Last Updated 07-31-00
My name is Bill Gadberry and I hunt coyotes in southwest Indiana. I hunt with five or six of my buddies just about every weekend of the season and sometimes through the week. We hunt mostly private ground and ground that has been reclaimed by the coal mines. Most of what we hunt is pasture and crop fields with small sections of woods scattered throughout. Every now and then we run the pine spoils and river bottoms too.
I have two Goodman Hounds and one Running Walker at this time. Most of my buddies have either July's or Running Walker/July hounds.
From mid-October thru late February we run the hounds during the day. We turn them out in all different types of cover, everything from pastures to thick undergrowth. Usually, we will see a coyote within a few minutes after daylight and will turn the hounds out on it to begin the day. We have seen as many as 14 in one day and have run as many as 7 out of one small area. From early March through October we run the hounds at night. We really have some good nighttime races in the hardwoods. Usually, at night we turn the hounds out in the timber.
Just recently, my young female Goodman Hound, Snowy, was run over and killed while taking a track across a highway. She was a very fast hound and very easy to handle. She was 20 months old.
We have tried Plott hounds and had a little success. Brian Jones has a female Plott that is out of coonhound breeding and is a real nice old hound. Steve Weathers had a young male Plott, a little over two years old, out of bearhound breeding that was a nice coyote hound. We have tried four others. One was a big still mouthed male that was slowly making a hound, but was either killed or stolen. The only bad thing about him was that he had more fight in him than he had sense. One is a young female that I traded for Mo, my Running Walker. She was slowly making a hound, but lacks the speed. The other two showed no promise.
Brian and I were already hunting coyotes without hounds. When we would make a bad shot we would be all day following a blood trail. When there was snow on we most generally always found the coyote. When there was no snow we averaged about 50%. One of Brian's friends had a female Plott hound that was not making a very good coonhound. She was four years old and he could not break her off of fast game. He didn't know whether she was trashing on deer or coyotes. He did tell us that when she was about six months old she stumbled into a pack of coyotes and spent some time in the Vet's office over it. We took her out one morning and I made a bad shot on a coyote. We turned Jody loose where the coyote had been and she immediately opened up and took off after it. A few miles later she had it caught in a drainage tile. We were hooked on coyote hunting. We used her that winter and the following spring I obtained a 14 month old pup out of her. He was still mouthed on track, but would run. He was nothing but fight and he did keep Jody from getting torn up the following winter. Later, he was either stolen or ran off. We bred Jody and I got another pup. He didn't have the desire to run coyotes. I got a pup out of Louisiana and another pup out of Jody. Neither one of them worked out. I looked through the Hunters Horn and called a Goodman Hound kennel owned by Lawrence and Gina Colliflower. They fixed me up with a six month old pup that I would name Bueford. At 12 months old, we were using Bueford as a jump dog. We had gotten in touch with Dewayne Mayfield and J.R. Lockhart and were hunting with them. They had some coyote hound stock out of Missouri. Steve Weathers also started running with us using a Plott hound. We had a real good pack. Dewayne gave me a Running Walker/July named Jenny. She was a good hound and I was running her and Bueford with good luck. One day Jenny was taking a track across the highway and was run over and killed. Steve and I went down south and traded two Plotts for a Running Walker that we named Mo and a July female. Mo has made an excellent hound. The July was a potlicker and wasn't around long. I got another pup from Lawrence that I named Snowy. She was making an excellent hound. She was coming along faster than Bueford had. When she was twenty months old she was killed while taking a track across the highway. I have since gotten two other pups from Lawrence. We bred Mo to Ginger, but Ginger died after having the pups that we had intended on keeping. Yet another set back.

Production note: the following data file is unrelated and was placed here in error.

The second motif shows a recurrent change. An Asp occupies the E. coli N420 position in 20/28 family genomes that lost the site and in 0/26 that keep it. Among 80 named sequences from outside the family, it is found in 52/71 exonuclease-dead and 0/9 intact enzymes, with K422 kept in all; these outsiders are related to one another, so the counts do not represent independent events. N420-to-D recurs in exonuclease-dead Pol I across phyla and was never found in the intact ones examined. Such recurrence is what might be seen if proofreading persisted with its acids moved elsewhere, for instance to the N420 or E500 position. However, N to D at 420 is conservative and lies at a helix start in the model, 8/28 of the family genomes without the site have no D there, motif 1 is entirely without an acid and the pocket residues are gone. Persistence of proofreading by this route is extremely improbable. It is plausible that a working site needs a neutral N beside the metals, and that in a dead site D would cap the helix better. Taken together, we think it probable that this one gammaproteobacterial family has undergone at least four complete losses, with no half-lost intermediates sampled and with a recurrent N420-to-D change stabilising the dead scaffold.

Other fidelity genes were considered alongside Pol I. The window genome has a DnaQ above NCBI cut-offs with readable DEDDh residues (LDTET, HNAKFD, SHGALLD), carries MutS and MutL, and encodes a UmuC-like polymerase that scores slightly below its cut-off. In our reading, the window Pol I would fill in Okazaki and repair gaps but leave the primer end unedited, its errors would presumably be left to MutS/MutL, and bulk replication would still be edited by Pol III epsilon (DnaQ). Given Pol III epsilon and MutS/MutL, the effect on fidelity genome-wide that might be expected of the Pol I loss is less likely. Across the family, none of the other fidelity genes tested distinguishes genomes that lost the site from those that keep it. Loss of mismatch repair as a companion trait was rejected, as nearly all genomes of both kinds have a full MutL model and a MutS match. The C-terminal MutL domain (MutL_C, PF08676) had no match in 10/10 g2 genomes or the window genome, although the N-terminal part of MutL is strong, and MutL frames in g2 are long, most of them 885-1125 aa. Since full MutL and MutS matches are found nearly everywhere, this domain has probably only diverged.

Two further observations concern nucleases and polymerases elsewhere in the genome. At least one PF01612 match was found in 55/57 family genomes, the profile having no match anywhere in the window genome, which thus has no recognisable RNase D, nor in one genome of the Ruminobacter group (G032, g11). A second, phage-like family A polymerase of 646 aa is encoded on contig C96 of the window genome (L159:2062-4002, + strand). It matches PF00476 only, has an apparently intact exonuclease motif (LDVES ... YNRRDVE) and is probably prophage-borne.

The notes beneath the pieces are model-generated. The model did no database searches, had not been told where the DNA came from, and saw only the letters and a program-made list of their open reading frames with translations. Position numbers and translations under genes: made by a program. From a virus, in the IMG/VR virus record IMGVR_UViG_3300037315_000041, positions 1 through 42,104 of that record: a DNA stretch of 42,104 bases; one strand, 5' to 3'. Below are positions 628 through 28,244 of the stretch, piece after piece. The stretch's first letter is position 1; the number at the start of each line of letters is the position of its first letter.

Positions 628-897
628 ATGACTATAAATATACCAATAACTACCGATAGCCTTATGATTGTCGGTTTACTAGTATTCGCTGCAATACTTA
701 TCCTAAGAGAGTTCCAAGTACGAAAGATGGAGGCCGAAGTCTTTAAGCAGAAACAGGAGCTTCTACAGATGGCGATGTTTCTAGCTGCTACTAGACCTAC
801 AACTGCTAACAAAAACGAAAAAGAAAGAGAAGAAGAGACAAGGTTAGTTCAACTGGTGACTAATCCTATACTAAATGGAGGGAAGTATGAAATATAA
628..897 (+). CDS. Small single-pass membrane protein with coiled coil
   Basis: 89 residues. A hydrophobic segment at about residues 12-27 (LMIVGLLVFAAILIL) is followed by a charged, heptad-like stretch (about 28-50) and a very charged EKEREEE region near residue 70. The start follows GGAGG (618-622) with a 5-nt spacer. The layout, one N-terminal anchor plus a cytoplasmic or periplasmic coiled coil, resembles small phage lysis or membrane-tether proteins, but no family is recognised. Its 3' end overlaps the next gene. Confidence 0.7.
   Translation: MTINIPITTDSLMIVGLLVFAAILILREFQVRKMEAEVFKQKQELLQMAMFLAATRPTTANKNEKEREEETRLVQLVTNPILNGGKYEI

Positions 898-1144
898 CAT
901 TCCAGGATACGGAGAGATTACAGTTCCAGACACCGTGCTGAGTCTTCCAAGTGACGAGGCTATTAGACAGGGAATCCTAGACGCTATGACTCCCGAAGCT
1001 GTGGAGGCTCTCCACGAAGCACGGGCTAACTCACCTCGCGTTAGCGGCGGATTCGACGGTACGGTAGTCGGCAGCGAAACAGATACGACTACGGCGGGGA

Buy one started hound that you have hunted with if possible. Buy one pup out of good stock and go with that for a year. Then get another pup. I am not real big on buying started hounds. It has been my experience that the good (good being the key word) started coyote hounds aren't for sale. Don't let the set backs get you down because you will encounter them. Just keep going with what you have and improve your stock as you get the chance. Above all, don't settle for a hound that doesn't quite suit you.
If you are a breeder be sure to check out the Breeders Directory.
I have no classifieds section so feel free to post any ads on the Discussion Board.
If anyone has any ideas for this page let me know. This season I plan on taking my camera instead of my gun to get some good hunting pics.
Remember: You can't run a dead coyote.
To read more about our hounds and hunting click on one of the links below.
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